Two features that I saw at the SharePoint conference that excited me as an interaction designer were the search driven publishing model and the ability to do cross-site publishing.
Search driven publishing model
The search driven publishing model is a new way of thinking about publishing in SharePoint. The simplified explanation of it is that you use search to index your content, and you query the search index to return the type of content that you want to display. The results of that query can be styled or displayed however you wish, and the fact that it is driven by search is completely unknown to the user.
We have been accustomed to thinking about publishing in SharePoint 2010 like this: "I have content that lives on a page, that lives within a site, that sits in a site collection, and that the hierarchy of that content is important to how you want to display that information." Search driven publishing starts more like this: "I have content about X, how should I display it?" You can then begin the process of tagging your content appropriately, so that it can be displayed in the format and location that suits your structure.
You might be wondering at this point, "Wait a minute, SharePoint 2010 had the ability to tag content. How is this going to be any different?"
In my opinion, that can be answered in two ways, each of which I think has the potential to provide great value.
1. The Content By Search Web Part
The Content By Search (CBS) Web Part is a new Web Part that allows you to take the results of your search query, and display them in the CBS Web Part. Out-of-the-box tagging in SharePoint 2010 was limited for the most part to lists and libraries, and if we wanted to display information that was tagged using the term store, it would mean custom development. With the Content by Search Web Part, we can use the search driven publishing model, query the results, and display that in a Web Part on any page. Pretty cool! The key thing here is that this is out-of-the-box in 2013, and it really is flexible enough to display content in the way that it needs to be displayed.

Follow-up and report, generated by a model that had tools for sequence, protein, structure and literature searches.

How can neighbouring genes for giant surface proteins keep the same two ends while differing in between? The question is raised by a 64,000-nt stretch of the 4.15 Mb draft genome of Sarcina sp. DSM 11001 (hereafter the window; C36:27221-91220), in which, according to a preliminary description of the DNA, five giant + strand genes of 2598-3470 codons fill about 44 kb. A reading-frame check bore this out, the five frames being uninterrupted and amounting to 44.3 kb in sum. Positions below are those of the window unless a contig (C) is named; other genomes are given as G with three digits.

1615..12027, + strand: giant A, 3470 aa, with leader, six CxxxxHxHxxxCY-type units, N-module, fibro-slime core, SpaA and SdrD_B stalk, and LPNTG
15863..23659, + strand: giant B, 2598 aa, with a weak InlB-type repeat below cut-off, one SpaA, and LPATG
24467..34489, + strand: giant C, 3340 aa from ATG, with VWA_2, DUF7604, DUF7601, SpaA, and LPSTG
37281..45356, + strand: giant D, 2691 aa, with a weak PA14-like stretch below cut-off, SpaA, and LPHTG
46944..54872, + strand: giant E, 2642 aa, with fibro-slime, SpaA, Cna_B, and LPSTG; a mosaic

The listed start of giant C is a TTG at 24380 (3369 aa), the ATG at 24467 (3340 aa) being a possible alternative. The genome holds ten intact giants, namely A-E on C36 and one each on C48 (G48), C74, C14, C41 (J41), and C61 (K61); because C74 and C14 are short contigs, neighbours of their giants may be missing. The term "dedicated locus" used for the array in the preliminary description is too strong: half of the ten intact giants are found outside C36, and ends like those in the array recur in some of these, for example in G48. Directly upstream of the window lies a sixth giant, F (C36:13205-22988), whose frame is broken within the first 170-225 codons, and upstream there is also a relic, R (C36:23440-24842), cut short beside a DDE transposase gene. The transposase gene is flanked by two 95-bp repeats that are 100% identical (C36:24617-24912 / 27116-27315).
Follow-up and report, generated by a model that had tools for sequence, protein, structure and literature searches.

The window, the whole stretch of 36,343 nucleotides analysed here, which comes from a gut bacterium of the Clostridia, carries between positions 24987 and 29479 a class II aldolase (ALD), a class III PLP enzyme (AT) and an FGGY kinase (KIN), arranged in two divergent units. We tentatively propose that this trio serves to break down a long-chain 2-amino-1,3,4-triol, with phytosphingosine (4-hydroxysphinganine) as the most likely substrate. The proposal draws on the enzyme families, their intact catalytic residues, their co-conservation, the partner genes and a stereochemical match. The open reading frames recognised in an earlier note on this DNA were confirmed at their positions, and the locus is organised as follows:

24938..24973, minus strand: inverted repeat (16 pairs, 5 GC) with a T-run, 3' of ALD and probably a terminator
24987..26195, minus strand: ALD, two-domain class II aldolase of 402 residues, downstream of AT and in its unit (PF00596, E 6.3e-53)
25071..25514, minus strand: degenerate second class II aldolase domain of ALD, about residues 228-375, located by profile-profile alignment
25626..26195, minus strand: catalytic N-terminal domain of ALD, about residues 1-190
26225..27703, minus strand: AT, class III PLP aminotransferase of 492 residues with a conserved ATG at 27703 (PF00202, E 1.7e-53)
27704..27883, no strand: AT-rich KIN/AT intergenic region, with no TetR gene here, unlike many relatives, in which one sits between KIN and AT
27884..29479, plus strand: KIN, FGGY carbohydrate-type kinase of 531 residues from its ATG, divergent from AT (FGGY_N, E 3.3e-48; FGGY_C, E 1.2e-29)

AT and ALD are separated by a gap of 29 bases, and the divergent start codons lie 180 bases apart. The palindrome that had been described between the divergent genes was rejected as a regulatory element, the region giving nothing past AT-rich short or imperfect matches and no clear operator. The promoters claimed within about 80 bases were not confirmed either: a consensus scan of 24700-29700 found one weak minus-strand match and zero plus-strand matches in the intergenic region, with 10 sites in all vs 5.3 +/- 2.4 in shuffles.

Here are some examples of its flexibility:
The tabbed control (customer favourites, staff recommendation, etc.) is a content by search Web Part, but so is the feature content switcher above it!
The container for news items is a Content by Search Web Part.
By now I'm sure you're able to recognize that the containers for cameras and videos in the main panel are Content by Search Web Parts. However, in addition to that, all the Web Parts that run down the right hand side (product data sheets, related documentation, recent blog posts) are all Content by Search Web Parts! This example to me is particularly striking because serving up related information in SP2010 was a custom effort that was considerable to say the least, and one that came up frequently on employee and customer portals. Now it is out-of-the-box!
2. Cross-site publishing
A lot of organizations that we work with have both an employee portal, as well as a customer portal. I can think of countless times where content needed to exist in both environments, whether it be news, documents, blogs, photos, videos, events, company values and so on. I'm sure in your own organization you can think of a few examples as well. In previous versions of SharePoint, the boundaries of site collections and farms prevented the sharing of content, and therefore had to be created multiple times by content authors — always a point of frustration.
In SharePoint 2013, the ability to publish across site collections and farms is now a reality! In a nutshell, this is what is required to turn this mystical dream into a reality.
- Both environments must have access to the same search index.
- The authoring environment needs to be separated out from the publishing environment.
- The repository of content (list or library) must be declared as a "catalogue". (More on this in another blog post, but essentially it is a setting in a list or library that allows search to share the content across site collections and farms.)
- Both environments must be on SharePoint 2013.